Recently I wrote a couple of entries, first on diversity and liberalism, and then on the Together for the Gospel statement. The issues I discussed in those two posts raise quite a number of questions about truth, unity, and Christian fellowship. Many might decide from my comments thus far that I don’t care about truth or correct doctrines at all. But that is not the case. “Doctrine” is simply teaching, and we all have some form of teaching. Even the doctrine that correct doctrine is not primary in salvation is itself a doctrine.
Where are the boundaries where disagreement is permissible or not permissible? How can we tell what is essential and what is not? It’s easy to quote St. Augustine, “In essentials, unity. In non-essentials, liberty. In all things, charity,” but it’s a great deal harder to define precisely what one means. Two sincere people who accept the idea of unity in essentials and liberty in non-essentials can nonetheless get into quite a fight over just what is essential.
I think we could view the situation as a sort of continuum.
|Unity by Exclusion
|Unity in diversity
|Disunity by confusion
To the far left of this spectrum (no left-wing/right-wing implications intended), we have those for whom doctrine is central and absolute. I’m seeing the folks who wrote the Together for the Gospel statement I discussed in my post Who’s Together for What?. For them the way to defend the gospel is to be both very clear and detailed on what is truth, make sure people know it, and only respect those who are fully on track as bearers of the gospel. In the center of this continuum we have those who have a small number of essential doctrines on which they require unity, but outside of that boundary diversity is permissible within the community. On the far right of my continuum, we have those who hold nothing, or almost nothing, as essential, and thus have confusion because they are not defined as a community. Even greater confusion results when a community cannot agree on just where they stand.
Let me provide an illustration from another article I’m working on that looks at the type of people who might be part of such organizations:
Churches that attain unity by exclusion tend to have a large number of essential doctrines. These churches tend to split, and the people in them tend to move from church to church looking for a precise match to their desires. I am not saying that such a church cannot practice unit and cannot teach the gospel; merely that it is difficult to maintain unity in that atmosphere.
I believe the United Methodist Church, of which I’m a member, tends toward the other extreme. We tend to allow diversity in everything and require unity in nothing. We add to that a debate over where we should be allowing diversity, what is essential, and what is not.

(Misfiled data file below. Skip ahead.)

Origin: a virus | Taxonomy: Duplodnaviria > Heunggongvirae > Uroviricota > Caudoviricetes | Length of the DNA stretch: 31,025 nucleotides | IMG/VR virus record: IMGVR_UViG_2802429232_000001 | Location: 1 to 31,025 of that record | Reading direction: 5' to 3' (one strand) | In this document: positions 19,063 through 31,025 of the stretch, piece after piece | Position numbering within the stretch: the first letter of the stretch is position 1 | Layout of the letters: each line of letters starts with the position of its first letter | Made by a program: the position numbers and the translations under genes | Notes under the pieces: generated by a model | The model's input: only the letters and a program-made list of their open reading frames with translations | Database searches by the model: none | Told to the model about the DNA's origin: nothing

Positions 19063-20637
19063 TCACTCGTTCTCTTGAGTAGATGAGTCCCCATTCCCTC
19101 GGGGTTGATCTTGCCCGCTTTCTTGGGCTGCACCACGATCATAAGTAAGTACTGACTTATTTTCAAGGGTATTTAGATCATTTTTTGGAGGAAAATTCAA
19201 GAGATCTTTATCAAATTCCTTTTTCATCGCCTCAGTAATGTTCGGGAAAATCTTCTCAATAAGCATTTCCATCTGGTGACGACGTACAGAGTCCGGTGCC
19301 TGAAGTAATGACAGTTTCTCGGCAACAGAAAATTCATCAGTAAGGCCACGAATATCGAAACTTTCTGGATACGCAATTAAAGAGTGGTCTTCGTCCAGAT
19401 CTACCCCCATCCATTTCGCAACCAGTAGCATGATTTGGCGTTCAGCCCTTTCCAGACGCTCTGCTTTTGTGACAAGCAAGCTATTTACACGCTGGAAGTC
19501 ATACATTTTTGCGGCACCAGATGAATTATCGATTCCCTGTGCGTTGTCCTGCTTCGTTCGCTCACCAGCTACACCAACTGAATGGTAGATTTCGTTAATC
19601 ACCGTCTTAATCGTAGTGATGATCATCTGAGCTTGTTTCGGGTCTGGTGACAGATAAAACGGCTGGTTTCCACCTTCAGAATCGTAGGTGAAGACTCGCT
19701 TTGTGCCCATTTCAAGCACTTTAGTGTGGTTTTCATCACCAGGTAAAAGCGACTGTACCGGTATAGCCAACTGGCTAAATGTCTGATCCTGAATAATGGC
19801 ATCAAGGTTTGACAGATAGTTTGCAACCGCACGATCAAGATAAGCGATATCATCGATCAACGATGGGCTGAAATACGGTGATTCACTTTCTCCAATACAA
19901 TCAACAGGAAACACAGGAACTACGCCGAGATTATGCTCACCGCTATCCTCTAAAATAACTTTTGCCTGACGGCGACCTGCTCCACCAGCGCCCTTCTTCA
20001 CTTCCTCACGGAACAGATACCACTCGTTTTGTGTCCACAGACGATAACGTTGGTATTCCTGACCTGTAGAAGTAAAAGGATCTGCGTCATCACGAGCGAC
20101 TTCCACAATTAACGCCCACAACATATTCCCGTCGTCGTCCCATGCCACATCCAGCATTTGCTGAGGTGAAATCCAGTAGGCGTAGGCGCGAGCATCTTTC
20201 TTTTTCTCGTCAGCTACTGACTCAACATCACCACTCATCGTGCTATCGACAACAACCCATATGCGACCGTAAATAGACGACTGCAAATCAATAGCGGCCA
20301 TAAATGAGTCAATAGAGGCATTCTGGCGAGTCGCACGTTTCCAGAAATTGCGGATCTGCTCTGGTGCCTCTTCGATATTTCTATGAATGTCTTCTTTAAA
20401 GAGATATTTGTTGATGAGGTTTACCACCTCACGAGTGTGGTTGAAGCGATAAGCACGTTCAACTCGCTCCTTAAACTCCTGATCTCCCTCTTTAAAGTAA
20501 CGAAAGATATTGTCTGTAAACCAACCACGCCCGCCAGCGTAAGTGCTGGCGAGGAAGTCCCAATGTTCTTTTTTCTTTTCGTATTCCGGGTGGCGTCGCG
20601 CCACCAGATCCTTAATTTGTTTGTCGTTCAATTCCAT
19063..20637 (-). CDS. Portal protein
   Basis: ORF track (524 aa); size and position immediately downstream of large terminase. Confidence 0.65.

the-methotaku made a great comment on my previous post, Liberalism and Diversity, in which he started to do precisely what I had planned to suggest in this article–define the distinctives of Wesleyan and then United Methodist theology. Go back there and take a look.
One reason it is often hard to define the essentials is that one can’t define “essential” without asking “essential for what?” Many people are tired of denominationalism, and I am also concerned when denominations promote themselves over Christianity as a whole. I like to call myself a “Christian, who is a member of a United Methodist congregation” rather than “Methodist.” Why? Because my primary identity is Christian. I don’t think John Wesley would have a problem with that.
But in order to be a community in ministry to the world, I need to become part of a more tightly defined group. Rather than the very small number of doctrines I suggested as a definition for “Christian” I need some additional points that make one “United Methodist” rather than Presbyterian or Pentecostal, for example. When I define such items, I am not saying that these are additions to what makes me a Christian, rather, they define how it is that I am going to live my Christian witness in the world through a community.
I can cooperate with anyone with whom I can agree on the essentials for that specific mission. That means that if I am dealing with an enterprise that is broadly Christian, I can cooperate with anyone who accepts basic Christianity. When I meet as a member of a congregation for worship, I expect some additional unity, though I still can allow diversity. I could easily form a small group that would share a larger number of “essential” doctrines–essential to our group, that is.
But in each case I must try to keep these essential doctrines to the minimum required for that particular community. When I engage in charitable activity in general, for example, I don’t need to find people who agree with me doctrinally. All I need is to find people who agree that there is a human need to be filled.
It is my prayer for the United Methodist church that we’ll reduce confusion by defining what it is that we find essential and learning to live with it. I don’t know where those lines should be drawn. I would suggest two things–they should be as inclusive as possible while allowing us to be defined as a community, and we should not use what defines us as a community to condemn those who choose a different one.